Day 8 (part 1) – Jordanian-Syrian Border, August 20

8 am check out Corp Executives Suites – what a hotel! Definitely NOT our place – very stiff and business like – just like “official Amman” wants to be seen in the West. But to be fair, the beds were extremely comfortable, the shower provided WATER, even hot water and WiFi was speedy;-)

Ramsey connected us the day before with a Hossein, an extraordinary friendly and nice man who picked us up on time and drove us to the border. He really was a wonderful host!

The border to Syria is only 80 km north of Amman. It’s a very good road – no traffic at all. It’s like driving to the end of the world. The tristesse was in the air, extreme silence – no life. On our way to Al Mafraq we went into a store to buy cookies. The owner, surrounded by friends, offered us a strong Arabic coffee … wonderful. Their faces tell everything I assume …

laden_bei_al-mafraq
Waiting for the next customer

From there we went to the largest Syrian refugee camp Zaatari. This camp opened a little over a year ago – and so many stories about the camp are out there. In July 2013 The Guardian did an excellent reportage: “Syria refugee crisis – a day in the life”, pointing out the tremendous problems and the long term implications for the people and the region. The camp today is the 4th largest “city” in Jordan.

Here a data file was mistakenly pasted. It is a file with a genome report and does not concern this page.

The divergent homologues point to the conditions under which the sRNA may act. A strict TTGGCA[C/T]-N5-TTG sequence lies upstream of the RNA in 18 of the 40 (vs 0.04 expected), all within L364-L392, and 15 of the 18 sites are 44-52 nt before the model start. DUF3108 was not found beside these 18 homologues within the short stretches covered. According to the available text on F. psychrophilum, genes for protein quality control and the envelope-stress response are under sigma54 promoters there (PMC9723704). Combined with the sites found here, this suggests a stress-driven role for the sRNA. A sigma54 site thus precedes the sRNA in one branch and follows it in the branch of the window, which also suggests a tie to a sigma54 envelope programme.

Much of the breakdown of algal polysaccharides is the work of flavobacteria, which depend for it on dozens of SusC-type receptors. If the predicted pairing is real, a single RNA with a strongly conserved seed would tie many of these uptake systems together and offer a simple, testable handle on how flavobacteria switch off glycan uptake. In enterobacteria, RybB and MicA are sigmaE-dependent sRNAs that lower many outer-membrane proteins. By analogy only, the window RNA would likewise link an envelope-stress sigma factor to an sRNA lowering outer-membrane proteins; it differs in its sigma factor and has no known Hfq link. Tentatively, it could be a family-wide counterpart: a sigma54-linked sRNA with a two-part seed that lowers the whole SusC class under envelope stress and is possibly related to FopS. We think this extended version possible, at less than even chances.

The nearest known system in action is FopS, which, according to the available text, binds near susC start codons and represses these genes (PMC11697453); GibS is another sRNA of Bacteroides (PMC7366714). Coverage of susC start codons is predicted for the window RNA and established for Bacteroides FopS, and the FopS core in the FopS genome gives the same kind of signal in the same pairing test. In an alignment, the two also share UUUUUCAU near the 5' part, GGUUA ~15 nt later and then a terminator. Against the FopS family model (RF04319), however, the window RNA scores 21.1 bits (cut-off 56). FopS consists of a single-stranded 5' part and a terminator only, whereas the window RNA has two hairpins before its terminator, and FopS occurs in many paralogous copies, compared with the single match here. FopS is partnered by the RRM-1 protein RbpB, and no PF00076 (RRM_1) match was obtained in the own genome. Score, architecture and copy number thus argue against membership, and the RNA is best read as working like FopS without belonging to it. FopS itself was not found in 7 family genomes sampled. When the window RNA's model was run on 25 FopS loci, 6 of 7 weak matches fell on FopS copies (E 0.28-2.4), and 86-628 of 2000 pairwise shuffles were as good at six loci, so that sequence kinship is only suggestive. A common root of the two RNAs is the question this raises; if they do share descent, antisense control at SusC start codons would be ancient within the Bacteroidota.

zaa' tari

Besides the “regular problems” mentioned above we’ve been told from Syrian citizens and from people in Amman – they don’t want to be mentioned by name – the following facts about the camp:

  • most of the refugees fled because the insurgents took over their houses
  • they didn’t stay inside Syria (4 million Syrians are living in camps there) because they feared the backlash of the insurgents
  • horrible backlash even inside the camp!
  • brutal rapes of young girls and women
  • young girls being sold to Saudi Arabia
  • high prices need to be paid to leave the camp towards Jordan

Again you can find some proof of evidence on the web. Here and here – just to link two of the sources. Of course no word about this when you talk with the officials of the camp. The PR manager, a major of the Jordanian army, and the head of security, a colonel, told us that the camp is calm and safe and that the supply of water and food is O.K.

They need 3.3 million liter water/day!

The atmosphere inside the colonel’s office was friendly, but cold. He himself was decorated with many medals and the royal family was smiling from multiple pictures on his huge desk. We left the camp heading 7 km north towards the border in Jabir. Dead end. On the other Deera …

We decided to drive along the border through the cities of Ar Ramtha and Irbid. It’s dessert – and the 3 km stripe between the border and the cities is truly what one calls nowhere land! Along the road sporadically we saw bedouines selling tomatoes. The cities themselves were very busy  and lively. One could almost forget about the camp and the war which is only 5 km away. We stopped in Ar Ramtha, bought anise bread (actually the man in the store gave me the bread for free) and grapes and enjoyed a simply but good lunch.

al_ramtha_03

We turned south in Irbid heading straight to Sheikh Hussein Bridge, the northern border between Jordan and Israel.

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